- shin pads for football
- gum shield for hockey
- nails cut and hair tied up for netball
No coach should allow a child to play without the above being addressed. Then we talk about coaching equipment like size 3 footballs for year 3 given the fact you can have 30 children in a lesson you would need 30 balls in year R to work give them any chance of learning ball manipulation in 6 1hr blocks. Imagine turning away 12 children because they didn’t have the appropriate kit. Teachers would have a complete meltdown.
How do we find a balance? Maybe teachers need more support and CPD in PE….. Maybe coaches should spend a minimum of half a term in a school before teaching……. Maybe primary schools should have a PE specialist/coach or a full-time teacher providing all sports.
Whatever the solution is, a child’s key physical development is between 4-9 years of age (recent studies show – http://www.livestrong.com/article/177239-physical-development-between-4-9-years/ ). We need to capture them at this crucial age. We need to feed them with inspiring PE lessons, set the essential PE foundations (e.g. movement, receiving, catching winning and losing), fix them challenges, introduce them to sporting values and give them positive experiences. If not, how can we change them at secondary school when their mind-set is fixed in a negative state towards PE?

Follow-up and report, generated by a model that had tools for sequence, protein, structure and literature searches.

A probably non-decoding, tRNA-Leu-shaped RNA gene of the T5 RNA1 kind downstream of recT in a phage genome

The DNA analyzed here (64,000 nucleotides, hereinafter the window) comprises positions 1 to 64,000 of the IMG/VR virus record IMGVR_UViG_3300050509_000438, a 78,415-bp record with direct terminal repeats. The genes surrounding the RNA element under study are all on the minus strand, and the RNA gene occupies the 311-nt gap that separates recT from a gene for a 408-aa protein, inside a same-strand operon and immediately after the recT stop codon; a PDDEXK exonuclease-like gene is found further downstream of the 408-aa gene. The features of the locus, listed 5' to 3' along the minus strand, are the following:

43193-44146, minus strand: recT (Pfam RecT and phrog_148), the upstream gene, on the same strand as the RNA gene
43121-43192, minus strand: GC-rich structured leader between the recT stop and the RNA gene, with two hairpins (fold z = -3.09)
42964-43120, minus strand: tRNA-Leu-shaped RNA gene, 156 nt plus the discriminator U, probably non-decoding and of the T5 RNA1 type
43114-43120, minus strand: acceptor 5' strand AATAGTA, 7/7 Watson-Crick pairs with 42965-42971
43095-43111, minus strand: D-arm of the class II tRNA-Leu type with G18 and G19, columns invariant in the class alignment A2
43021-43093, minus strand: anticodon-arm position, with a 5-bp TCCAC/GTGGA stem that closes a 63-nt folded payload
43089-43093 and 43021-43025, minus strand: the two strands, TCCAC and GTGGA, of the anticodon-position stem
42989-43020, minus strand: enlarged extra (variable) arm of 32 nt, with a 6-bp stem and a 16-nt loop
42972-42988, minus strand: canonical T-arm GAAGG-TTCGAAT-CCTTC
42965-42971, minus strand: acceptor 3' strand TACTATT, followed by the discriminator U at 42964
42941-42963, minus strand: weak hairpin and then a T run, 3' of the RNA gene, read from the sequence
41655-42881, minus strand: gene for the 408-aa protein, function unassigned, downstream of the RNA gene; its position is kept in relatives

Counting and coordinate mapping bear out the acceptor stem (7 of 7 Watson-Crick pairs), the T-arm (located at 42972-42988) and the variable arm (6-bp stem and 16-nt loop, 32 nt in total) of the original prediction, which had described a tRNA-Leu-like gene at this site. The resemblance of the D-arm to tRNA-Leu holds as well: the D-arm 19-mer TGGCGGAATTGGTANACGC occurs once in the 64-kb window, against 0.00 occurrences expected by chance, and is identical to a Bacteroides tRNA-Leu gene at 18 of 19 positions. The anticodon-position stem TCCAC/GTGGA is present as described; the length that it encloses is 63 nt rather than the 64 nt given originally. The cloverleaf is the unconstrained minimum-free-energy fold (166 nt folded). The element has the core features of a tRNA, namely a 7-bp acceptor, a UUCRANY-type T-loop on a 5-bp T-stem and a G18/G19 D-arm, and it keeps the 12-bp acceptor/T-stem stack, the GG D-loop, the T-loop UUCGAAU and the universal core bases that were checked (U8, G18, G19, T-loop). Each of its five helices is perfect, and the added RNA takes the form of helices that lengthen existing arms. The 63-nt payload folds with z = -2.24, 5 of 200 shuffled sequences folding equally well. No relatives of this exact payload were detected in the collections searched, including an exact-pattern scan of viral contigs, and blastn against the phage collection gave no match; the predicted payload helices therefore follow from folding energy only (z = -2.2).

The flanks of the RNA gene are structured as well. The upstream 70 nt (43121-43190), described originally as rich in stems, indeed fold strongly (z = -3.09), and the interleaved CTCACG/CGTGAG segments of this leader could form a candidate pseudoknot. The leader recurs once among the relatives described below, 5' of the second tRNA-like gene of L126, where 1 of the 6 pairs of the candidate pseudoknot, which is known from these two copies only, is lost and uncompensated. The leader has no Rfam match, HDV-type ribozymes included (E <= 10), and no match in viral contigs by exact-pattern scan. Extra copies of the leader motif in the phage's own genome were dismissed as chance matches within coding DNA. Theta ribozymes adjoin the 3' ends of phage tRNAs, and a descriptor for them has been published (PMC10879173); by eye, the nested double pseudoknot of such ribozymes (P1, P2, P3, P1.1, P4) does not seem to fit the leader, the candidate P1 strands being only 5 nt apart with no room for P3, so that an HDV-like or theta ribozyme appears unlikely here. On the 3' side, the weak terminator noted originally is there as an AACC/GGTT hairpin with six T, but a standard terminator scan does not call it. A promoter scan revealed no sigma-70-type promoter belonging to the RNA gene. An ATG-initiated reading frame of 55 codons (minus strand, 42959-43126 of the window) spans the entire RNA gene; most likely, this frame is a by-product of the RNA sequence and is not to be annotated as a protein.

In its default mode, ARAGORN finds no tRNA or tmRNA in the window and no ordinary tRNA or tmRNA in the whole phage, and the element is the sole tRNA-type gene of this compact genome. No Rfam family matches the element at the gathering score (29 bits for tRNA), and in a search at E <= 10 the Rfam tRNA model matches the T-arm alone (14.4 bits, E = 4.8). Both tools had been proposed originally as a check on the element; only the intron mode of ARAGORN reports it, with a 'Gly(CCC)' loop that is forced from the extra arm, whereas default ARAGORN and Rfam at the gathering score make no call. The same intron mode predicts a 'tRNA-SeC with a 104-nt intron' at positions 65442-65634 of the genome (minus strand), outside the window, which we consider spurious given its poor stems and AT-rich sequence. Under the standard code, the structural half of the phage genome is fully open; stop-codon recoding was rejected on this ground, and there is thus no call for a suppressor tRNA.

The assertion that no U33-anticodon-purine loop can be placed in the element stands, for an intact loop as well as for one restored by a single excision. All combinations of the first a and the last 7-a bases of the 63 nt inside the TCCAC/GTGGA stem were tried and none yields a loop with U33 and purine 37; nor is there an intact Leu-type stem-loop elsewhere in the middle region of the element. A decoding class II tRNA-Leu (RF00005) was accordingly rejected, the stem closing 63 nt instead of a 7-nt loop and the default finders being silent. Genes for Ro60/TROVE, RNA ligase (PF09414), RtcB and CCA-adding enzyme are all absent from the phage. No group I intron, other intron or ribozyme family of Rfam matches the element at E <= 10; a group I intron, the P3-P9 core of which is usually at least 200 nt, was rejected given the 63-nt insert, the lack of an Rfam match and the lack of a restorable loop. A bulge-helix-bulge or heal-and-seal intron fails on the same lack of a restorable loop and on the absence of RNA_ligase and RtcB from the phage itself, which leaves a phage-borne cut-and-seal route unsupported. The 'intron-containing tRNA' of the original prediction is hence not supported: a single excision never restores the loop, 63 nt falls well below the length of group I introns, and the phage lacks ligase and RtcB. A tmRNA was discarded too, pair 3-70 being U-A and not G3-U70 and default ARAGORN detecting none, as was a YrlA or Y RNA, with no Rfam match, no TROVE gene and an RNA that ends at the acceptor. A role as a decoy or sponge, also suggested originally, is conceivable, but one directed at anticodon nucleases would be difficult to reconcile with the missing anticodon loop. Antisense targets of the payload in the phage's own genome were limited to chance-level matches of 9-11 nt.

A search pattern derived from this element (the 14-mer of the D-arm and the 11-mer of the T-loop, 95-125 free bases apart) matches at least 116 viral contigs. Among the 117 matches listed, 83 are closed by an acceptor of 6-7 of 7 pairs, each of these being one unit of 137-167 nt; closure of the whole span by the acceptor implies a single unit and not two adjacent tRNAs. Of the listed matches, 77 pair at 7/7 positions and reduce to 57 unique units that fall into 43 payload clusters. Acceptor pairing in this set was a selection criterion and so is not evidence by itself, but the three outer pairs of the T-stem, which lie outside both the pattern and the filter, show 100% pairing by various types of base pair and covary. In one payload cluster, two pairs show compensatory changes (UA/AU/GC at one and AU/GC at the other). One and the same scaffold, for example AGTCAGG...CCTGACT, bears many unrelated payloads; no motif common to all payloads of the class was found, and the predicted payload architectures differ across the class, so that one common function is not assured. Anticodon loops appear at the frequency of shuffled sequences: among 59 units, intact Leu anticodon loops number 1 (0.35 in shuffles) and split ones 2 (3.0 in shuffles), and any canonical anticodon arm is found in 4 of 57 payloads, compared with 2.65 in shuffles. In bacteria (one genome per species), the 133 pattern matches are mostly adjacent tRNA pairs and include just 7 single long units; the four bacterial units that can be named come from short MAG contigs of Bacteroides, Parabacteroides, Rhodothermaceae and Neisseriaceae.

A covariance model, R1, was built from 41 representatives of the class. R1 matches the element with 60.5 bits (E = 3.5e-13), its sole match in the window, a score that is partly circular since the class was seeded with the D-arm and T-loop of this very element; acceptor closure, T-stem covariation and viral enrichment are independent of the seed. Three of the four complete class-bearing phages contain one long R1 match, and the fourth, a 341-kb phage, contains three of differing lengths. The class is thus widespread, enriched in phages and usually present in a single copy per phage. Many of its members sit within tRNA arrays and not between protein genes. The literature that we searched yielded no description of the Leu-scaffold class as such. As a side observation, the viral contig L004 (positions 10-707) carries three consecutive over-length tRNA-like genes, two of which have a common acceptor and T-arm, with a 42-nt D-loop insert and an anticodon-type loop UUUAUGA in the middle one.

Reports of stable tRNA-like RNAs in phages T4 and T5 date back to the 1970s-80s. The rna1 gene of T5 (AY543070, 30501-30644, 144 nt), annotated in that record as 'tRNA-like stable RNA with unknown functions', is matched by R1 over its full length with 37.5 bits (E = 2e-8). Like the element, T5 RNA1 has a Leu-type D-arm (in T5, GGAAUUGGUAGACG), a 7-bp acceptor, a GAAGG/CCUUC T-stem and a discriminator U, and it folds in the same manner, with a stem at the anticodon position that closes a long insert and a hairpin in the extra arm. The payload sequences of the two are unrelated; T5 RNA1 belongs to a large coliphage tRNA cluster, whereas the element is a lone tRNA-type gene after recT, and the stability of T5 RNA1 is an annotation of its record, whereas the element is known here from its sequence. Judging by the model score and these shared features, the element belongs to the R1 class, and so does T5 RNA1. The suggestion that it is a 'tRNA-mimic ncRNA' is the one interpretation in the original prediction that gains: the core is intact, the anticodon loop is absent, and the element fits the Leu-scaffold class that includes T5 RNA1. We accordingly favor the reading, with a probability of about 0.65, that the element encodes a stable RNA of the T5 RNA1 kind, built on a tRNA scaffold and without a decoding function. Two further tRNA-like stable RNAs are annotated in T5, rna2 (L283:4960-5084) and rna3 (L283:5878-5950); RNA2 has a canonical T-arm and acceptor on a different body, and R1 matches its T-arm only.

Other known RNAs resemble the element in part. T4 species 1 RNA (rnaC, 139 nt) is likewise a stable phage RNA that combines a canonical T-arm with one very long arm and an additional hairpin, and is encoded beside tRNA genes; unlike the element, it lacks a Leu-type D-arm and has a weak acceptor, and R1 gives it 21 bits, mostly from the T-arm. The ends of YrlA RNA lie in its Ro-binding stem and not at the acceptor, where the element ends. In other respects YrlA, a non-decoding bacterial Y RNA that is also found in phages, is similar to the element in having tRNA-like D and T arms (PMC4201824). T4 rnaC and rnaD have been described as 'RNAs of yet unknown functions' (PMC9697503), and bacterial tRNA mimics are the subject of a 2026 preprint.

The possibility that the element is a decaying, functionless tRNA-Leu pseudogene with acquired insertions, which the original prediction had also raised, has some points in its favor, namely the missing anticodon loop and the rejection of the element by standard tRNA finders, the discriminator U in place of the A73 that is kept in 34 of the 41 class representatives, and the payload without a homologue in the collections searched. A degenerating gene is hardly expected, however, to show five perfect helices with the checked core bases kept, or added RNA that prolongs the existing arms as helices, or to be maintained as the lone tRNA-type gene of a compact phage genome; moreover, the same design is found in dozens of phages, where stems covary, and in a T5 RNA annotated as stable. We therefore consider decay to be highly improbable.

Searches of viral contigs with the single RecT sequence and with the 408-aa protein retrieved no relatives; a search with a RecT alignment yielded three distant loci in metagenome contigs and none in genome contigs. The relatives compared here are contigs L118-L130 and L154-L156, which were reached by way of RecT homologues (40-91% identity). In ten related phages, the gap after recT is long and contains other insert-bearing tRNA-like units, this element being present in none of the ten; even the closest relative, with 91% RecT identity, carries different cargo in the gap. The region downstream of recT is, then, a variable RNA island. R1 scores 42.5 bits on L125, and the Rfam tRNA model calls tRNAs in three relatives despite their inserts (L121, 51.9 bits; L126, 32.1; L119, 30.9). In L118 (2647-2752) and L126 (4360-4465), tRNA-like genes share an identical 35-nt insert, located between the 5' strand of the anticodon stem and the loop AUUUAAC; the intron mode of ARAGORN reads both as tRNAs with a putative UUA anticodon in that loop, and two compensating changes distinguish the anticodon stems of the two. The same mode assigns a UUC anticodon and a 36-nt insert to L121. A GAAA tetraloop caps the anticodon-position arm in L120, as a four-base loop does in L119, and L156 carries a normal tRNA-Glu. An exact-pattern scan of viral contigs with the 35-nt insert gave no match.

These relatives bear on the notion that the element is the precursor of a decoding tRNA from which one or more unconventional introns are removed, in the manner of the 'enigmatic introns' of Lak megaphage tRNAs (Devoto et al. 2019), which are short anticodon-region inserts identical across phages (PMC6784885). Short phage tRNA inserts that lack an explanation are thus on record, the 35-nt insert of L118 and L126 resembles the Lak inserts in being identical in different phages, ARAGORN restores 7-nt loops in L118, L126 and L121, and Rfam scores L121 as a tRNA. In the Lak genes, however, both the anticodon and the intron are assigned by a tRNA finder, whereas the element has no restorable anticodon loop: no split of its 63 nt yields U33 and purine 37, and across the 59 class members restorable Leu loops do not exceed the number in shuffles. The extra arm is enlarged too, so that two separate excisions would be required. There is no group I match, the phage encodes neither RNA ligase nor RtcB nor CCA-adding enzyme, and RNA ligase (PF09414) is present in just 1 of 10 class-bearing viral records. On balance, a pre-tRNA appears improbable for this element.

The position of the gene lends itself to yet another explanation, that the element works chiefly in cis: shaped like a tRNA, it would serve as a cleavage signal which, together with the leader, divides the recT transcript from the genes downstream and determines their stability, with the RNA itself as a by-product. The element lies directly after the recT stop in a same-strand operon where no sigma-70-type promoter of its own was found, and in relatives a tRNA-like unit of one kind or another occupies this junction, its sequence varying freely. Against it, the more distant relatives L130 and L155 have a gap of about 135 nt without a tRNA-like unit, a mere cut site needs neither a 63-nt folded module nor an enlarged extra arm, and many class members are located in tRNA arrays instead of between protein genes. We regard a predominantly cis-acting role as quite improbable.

It is NOT about taking part! It is about the child being engaged and inspired to play, to learn how to accept losing and how to be courteous in case of victory. It is about playing in a fair way, being able to take a loss and work hard to improve areas that need developing. You don’t go for a job interview, not get it, go home and tell your partner “I didn’t get it, but I took part”.
As I have said throughout, this is not a dig at teachers or coaches its aimed at the system that allows teachers and coaches to fail. More importantly it is aimed at reminding us how important a role PE plays in a child’s development. PE, delivered correctly can and will develop the ‘whole child’ and give them a variety of skills for the future.
Author: David Hazelgrove
“In no other industry would this happen, imagine spending four years training as a fighter pilot where almost all four years focus on everything but flying the plane. Then, you are given 6 hours flight training before you’re sent out to fly by yourself!!”